Are you finding it difficult to break into the Tech Industry or be considered for leading / bleeding-edge organisations? You’re not alone! Please read Bree’s transcript when interviewing Silvio, Greensync’s Principal Engineer.

I’m often approached by Juniors and Graduates questioning how to do exactly that. So, I’ve reached out to my network of acclaimed leaders within the IT community for advice for you, straight from the top.  

To kick off my mini blog series, I’ve interviewed Silvio Montanari, the Principal Engineer at Greensync. He was kind enough to share an insight into his life, career and some fantastic tips for the Juniors and Graduates out there looking to take the first step in their career. 

Q) Can you tell us a little about yourself and your career to-date?

I'm a software engineer with more than two decades of professional experience across several countries and markets between Europe, North America and Australia. I split my career between traditional software houses, multinational consulting firms and, in recent years, start-ups. I'm very passionate about software craftsmanship, test automation and lean thinking.  

Q) What does your day to day look like? 

My day to day is a mix of meetings and team work. I work closely with Product to define the development strategy and a corresponding technology roadmap. Planning and prioritising is a critical responsibility in my job; so is technical leadership, therefore I'm often involved in hands on work, especially if it requires designing and implementing new solutions.

Q) What is the best part of your job? 

Working with new technologies is always an exciting part of the job. However, at this stage of my career, I get the most satisfaction from being able to use my experience and knowledge to help a team or an individual improve and ultimately succeed.

Q) What can graduates do to make their profile standout from the rest?

Provide practical evidence of their level of expertise as well as their enthusiasm for technology. For example, a University project where they had to use a programming language to implement a solution or a prototype. Or, more broadly, open source active involvement, whether creating their own project or contributing to others.

Q) What skills are hiring managers looking for the most, when it comes to Juniors / Graduates?

Motivation, enthusiasm and determination. I want to see them interviewing for an opportunity to take a step into their dream career, not for a monthly pay check. Also, humility and adaptability; despite any prior accomplishments, junior candidates should be aware their most important goal is still to learn and get better.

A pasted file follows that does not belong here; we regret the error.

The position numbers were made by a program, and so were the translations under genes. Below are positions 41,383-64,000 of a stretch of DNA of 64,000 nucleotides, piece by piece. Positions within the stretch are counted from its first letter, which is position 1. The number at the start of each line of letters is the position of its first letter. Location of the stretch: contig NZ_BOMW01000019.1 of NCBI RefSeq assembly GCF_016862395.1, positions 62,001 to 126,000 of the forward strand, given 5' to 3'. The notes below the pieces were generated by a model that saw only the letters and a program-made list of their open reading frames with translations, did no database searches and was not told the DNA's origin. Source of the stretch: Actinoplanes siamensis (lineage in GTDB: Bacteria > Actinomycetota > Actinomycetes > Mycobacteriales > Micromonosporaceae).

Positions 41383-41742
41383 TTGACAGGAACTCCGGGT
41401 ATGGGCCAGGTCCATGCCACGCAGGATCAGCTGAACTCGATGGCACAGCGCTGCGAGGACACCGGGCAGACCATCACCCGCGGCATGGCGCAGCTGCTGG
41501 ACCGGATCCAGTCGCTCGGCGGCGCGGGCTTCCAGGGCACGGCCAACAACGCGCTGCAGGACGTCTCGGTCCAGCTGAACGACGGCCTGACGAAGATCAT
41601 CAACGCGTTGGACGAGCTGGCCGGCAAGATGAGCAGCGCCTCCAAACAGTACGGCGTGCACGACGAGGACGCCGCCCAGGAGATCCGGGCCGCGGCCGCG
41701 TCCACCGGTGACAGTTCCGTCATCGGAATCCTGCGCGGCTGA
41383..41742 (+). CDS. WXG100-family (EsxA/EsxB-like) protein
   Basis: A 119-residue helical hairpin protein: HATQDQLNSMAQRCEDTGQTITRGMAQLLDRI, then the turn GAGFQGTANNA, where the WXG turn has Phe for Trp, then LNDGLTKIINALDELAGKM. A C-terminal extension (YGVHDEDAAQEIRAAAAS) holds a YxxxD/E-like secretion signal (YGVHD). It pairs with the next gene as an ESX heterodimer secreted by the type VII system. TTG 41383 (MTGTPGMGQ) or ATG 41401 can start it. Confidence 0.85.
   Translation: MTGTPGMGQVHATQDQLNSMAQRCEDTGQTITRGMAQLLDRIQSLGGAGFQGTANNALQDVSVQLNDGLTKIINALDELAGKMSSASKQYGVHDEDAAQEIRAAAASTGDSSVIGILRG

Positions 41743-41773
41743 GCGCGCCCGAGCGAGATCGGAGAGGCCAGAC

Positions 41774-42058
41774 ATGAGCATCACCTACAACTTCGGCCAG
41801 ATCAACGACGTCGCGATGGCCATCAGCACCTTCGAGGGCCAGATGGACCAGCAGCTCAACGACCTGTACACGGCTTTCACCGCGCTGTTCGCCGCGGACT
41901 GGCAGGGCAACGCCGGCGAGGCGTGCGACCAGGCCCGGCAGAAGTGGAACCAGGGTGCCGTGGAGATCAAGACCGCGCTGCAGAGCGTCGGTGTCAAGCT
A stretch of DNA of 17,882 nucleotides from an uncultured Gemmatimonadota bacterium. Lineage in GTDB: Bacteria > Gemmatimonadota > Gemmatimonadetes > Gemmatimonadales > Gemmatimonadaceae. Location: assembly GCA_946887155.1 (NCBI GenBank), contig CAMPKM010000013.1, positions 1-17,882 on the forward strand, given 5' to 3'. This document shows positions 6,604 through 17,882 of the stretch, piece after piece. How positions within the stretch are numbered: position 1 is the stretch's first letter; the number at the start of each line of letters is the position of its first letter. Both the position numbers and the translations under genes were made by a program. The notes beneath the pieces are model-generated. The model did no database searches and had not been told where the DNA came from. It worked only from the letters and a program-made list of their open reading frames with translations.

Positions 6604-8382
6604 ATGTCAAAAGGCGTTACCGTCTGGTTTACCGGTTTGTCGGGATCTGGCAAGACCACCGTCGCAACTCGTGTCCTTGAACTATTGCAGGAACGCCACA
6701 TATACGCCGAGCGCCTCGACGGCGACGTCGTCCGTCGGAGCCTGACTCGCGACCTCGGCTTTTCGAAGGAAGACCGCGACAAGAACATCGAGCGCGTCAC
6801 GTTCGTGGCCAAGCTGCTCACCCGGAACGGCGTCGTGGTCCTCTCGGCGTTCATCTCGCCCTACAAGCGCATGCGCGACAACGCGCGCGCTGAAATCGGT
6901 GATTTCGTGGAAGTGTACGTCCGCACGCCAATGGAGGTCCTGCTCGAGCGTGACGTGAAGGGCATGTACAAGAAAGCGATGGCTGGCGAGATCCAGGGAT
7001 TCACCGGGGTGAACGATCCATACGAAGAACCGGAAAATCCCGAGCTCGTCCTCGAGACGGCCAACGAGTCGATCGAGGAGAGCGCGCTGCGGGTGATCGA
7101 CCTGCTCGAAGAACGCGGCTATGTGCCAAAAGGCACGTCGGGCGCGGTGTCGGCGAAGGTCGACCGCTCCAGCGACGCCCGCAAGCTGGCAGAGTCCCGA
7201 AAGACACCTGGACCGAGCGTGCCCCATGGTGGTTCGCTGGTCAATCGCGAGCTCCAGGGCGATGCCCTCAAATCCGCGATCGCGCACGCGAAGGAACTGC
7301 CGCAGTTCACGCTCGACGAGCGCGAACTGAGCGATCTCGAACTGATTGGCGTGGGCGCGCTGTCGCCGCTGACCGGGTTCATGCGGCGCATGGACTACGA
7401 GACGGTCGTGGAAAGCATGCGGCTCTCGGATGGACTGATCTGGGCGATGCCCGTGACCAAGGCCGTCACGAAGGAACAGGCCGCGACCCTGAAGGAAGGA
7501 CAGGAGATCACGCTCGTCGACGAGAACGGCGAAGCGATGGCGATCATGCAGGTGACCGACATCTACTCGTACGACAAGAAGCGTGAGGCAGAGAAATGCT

Q) What are the common mistakes you see when mentoring Juniors?

I often notice how many engineers (and not only Juniors) fall in love with complexity, as they feel the quality of a solution to be somewhat proportional to its difficulty. There is a fine line between over-engineering and YAGNI, and only experience enables developers to walk it confidently.

Q) What can graduates expect to learn within the first year in the tech industry?

Assuming they have the opportunity to work with more senior colleagues, they can expect to dramatically improve their technical skills and become significantly more confident in taking on increasingly difficult tasks. Depending on the context of the business, they can also expect to experience what it means to work under pressure, where inevitably they will end up making mistakes. And making mistakes, although not ideal, is always the most effective way to learn.

Q) Where do you foresee the future of tech within the next 5 years?

I think in the next 5 years we should start seeing signs of the inevitable decline of traditional, monolithic, server centric applications, and the big fat frameworks associated with that technical approach. At the same time, we should see the unequivocal rise and validation of mesh service and serverless architectures, along with better tooling and deployment solutions.

Q) What advice would you give to your younger self?

Take more risks when picking a job, leave the safer choices for the latter stages of your career

Q) Finally, what are your top three tips for breaking into the tech industry?

1# Continuous improvement mentality across the board: you can always do, and be, better; not just as a developer, but also as a person. 

2# Don’t be afraid of putting yourself out of your comfort zone, that is when you learn the most. 

3# Take the time to learn the history of computers and programming. Modern technologies are based on the foundations laid by previous ones. They're not better, they're just more efficient, but the principles are the same

I’d like to thank Silvio for his time, support and fantastic advice for those trying to take the next step in their career. If you are keen to hear more, stay tuned as I’ll be announcing our next speaker soon! 

Do you have valuable advice to share? Get in touch: brianna.b@circuitrec.com.au 

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